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Blasts in New Delhi kill 55

Terrorists blamed for pre-festival marketplace attacks

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New Delhi (India)
Acts of terror

NEW DELHI, India (CNN) -- Three explosions ripped through New Delhi within minutes of each other Saturday evening, killing at least 55 people.

Most of the deaths occurred at a marketplace crowded with thousands of people getting ready for India's festival of lights, the state of Delhi's chief minister, Sheila Dikshit, told CNN.

She said at least 31 people died at the Sarojini Nagar marketplace in central Delhi and the others were killed at the Paharganj marketplace, both packed with people preparing for the Hindu holiday of Diwali, India's largest festival.

Police reported that the blasts wounded 155 people. (Watch a report on the explosions -- 2:18 )

Terrorists suspected

While no one has claimed responsibility, Indian Prime Minister Manmohan Singh said the government was convinced terrorists were behind the attacks, but officials named no one.

"We are resolute in our commitment to fighting terror in all forms," Singh said.

"I am confident that the people of India have the will, capacity and resolution to win the war against terrorism."

Indian authorities had warned of the possibility of violence during the festival. Such warnings have become standard in recent years.

"This kind of cynical attack on the people of India is just not acceptable," Singh's media adviser, Dr. Sanjay Baru, told CNN.

Pakistan strongly condemned the attack.

"The people and the government of Pakistan are shocked at this barbaric act and we express deep sympathy with the families of the victims," Pakistan Foreign Ministry spokeswoman Tasnim Aslam told CNN.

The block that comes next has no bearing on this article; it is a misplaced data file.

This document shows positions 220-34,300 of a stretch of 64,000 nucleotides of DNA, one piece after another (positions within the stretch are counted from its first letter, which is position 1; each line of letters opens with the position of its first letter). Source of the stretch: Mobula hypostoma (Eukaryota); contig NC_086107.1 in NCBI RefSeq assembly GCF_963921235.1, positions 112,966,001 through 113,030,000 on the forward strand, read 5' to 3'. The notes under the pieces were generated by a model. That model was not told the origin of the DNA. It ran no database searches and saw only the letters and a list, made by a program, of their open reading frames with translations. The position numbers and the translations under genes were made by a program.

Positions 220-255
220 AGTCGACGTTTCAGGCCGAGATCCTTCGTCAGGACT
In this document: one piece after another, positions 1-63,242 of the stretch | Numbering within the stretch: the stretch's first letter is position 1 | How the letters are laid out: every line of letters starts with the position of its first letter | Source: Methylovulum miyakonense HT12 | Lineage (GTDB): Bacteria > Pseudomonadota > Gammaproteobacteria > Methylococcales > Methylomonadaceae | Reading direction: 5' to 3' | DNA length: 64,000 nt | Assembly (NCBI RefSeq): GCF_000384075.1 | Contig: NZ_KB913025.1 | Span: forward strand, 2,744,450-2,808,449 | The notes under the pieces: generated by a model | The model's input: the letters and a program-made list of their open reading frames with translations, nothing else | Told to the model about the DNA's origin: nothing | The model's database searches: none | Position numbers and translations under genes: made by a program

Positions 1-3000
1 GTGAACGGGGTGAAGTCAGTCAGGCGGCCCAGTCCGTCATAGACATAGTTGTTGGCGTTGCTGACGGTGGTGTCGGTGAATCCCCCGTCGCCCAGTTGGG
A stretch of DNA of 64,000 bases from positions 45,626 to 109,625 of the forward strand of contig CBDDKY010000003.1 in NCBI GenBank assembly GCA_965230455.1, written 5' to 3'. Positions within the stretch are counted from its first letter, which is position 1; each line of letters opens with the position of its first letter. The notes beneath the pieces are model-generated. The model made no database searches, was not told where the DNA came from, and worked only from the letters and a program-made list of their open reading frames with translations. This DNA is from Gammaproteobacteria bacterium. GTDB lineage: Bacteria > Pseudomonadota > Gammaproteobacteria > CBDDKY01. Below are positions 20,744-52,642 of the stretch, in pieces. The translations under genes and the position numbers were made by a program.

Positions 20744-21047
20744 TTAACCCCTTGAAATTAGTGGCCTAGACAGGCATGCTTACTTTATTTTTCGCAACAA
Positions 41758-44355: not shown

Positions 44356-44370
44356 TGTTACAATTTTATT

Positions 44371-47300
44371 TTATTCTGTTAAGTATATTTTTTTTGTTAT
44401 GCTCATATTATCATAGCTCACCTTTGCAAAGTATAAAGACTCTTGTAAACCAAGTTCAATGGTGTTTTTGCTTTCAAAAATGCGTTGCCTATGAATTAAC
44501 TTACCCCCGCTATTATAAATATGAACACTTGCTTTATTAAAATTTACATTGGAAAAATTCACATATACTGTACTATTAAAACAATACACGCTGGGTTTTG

The explosions occurred at two Delhi marketplaces and in the neighborhood of Govindpuri. Police said several people were critically injured in Govindpuri, but there were no reports of deaths. (A look at where the blasts happened)

"It's a very sad day for all of us because Delhi is celebrating a festive season," Dikshit said.

U.S. Secretary of State Condoleezza Rice offered her condolences in a written statement Saturday night.

"The United States condemns the multiple terror attacks in New Delhi, India," she said. "These acts are made more heinous in that they deliberately targeted innocent civilians preparing for holiday celebrations. Our thoughts and prayers are with the families of the victims."

Witness: Bag exploded

A man who owns a store near the Sarojini Nagar market told CNN's Satinder Bindra that he noticed an abandoned bag sitting near his store and warned people to get away. As people scattered, the owner said the bag exploded, gutting several nearby stores and causing a fire that spread to other buildings.

The explosion caused a stampede as people in the crowded market tried to get away.

Authorities said bodies are still being pulled from the debris, and they fear the death toll will rise.

Many women and children sustained serious injuries.

The blasts triggered fears throughout the capital, shattering some of the festive atmosphere that precedes Diwali.

Fireworks are often set off in advance of Diwali, so many people who heard the blasts initially thought they were firecrackers.

Authorities urged people not to panic and to stay away from crowded areas.

Indian authorities had issued some warnings in advance of Diwali, saying people should beware of the possibility of violence. Such warnings have become standard in recent years, and there were no warnings of specific attacks being planned.

While Indian authorities are blaming terrorists for Saturday's attack, they are not saying if a particular group is believed to be responsible.

Pakistan's foreign office issued a statement condemning the attack, calling it a criminal act of terrorism, and expressing the government's sympathies with the people of India.

Delhi was the site in December 2001 of an attack on Parliament in which nine police officers, a government staffer and all five terrorists were killed. It was blamed on Islamic militant groups backed by Pakistan, although Hindu-Muslim tensions are normally centered in the disputed region of Kashmir.

CNN's John Raedler and Ram Ramgopal contributed to this report

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